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It's been a long time since I reread Lord of the Rings, but it felt like time, with a lot of things reminding me of it lately. The last straw was reading about Ursula Le Guin's thoughts on it in Cheek By Jowl. Since the last time I read it, I've heard a lot of hard words about LOTR -- about the terrible writing and the terrible pacing and the xenophobia and the lack of moral grey area and all of that, and reading it again I notice faults in it that I'd never have admitted when I was younger, but I also remember all the ways I think people are wrong about it. However, an overview of the trilogy can wait! For now, I'll review The Fellowship of the Ring alone.

It starts off very slow, set in The Shire, giving us a glimpse of the peaceful happy life that Bilbo longed for so often during The Hobbit, and building up the tension slowly. Slowly seems to be the key word in this book, in fact. I forgot that it takes the whole first 'book', which probably has almost as many words as The Hobbit, to get as far as Rivendell. One thing you can't accuse Tolkien of is rushing. A lot happens in that time, really, including the introduction of the Nine and of Strider/Aragorn, which is important... but it's such a small step, The Shire to Rivendell, that some people dismiss it as pointless. I can't see as much point in the part with the Old Forest and Tom Bombadil... it feels like a digression, as if Tolkien is in love with his world and wants to show us more of it. I like that part, but I can see why people don't.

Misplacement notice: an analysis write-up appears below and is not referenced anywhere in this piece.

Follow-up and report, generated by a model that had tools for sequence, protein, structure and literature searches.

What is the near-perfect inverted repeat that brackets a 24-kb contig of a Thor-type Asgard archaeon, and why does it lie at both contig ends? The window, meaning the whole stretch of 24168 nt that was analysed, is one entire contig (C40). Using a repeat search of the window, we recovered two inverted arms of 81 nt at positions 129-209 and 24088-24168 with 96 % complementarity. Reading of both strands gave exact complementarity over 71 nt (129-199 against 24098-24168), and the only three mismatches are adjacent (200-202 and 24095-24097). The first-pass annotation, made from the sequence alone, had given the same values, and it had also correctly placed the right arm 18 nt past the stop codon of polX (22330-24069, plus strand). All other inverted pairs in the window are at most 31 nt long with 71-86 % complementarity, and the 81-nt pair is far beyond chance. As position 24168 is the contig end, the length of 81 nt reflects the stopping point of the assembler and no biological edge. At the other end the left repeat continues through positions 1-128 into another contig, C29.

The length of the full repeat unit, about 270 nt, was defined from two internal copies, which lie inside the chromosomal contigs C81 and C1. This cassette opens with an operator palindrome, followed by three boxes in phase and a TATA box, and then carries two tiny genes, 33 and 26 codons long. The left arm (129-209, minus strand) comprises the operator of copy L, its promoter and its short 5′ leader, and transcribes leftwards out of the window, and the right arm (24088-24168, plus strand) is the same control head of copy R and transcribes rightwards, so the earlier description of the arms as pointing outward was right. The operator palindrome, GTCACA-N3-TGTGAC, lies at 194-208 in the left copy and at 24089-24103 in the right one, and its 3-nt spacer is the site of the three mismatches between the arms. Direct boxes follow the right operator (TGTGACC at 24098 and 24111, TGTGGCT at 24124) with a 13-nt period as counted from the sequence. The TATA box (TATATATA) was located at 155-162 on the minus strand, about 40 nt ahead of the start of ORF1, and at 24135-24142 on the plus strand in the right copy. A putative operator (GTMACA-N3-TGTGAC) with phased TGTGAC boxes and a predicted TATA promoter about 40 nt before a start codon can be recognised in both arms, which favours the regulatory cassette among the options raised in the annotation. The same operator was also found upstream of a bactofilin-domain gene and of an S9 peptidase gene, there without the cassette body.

The second half of the book feels more purposeful. Frodo learns more and knows more clearly what he's going to have to do, and we learn about the Company. And then -- eventually -- they get under way. I suppose that really they don't do that much more in the second book -- in the first book there's the Shire, the Old Forest, The Prancing Pony, and Weathertop, and in the second book there's Rivendell, Caradhras, Moria, Lothlorien and the Anduin. But things feel more imperative and desperate, I suppose. And things keep speeding up from here.

I can't decide what my favourite part is. The Lorien part is beautiful, but obvious. The Moria part is dark, but I think maybe I like that best because of Balin, and in honour of Gandalf. My favourite characters are... hmm. Gandalf, Sam and Aragorn, probably, although it's nice to see Bilbo again. And I wish we knew more about Glorfindel, actually -- that he'd gone with the company, or something, because I think more could've been done with him. He appeared and disappeared quite quickly.

In any case, yes: I can see the flaws in the writing, and I'm beginning to see what's meant by the xenophobia -- I missed that, through not being a very subtle reader when I last read it, I think. I didn't look beyond the face value. But I still do love the writing -- it tastes nice, which is good enough for me -- and the rest.

(no subject)

Date: 2009-09-15 11:20 pm (UTC)
From: [identity profile] samuraiter.livejournal.com
Despite its faults, FOTR is my favorite book of the trilogy, possibly because it takes its time. The menace is always there, yes, but it is a series of interconnected adventures, not unlike The Hobbit, rather than the long slog that fills TTT and ROTK.

(no subject)

Date: 2009-09-15 11:21 pm (UTC)
From: [identity profile] wilderthan.livejournal.com
Yes, and it isn't so... dark.


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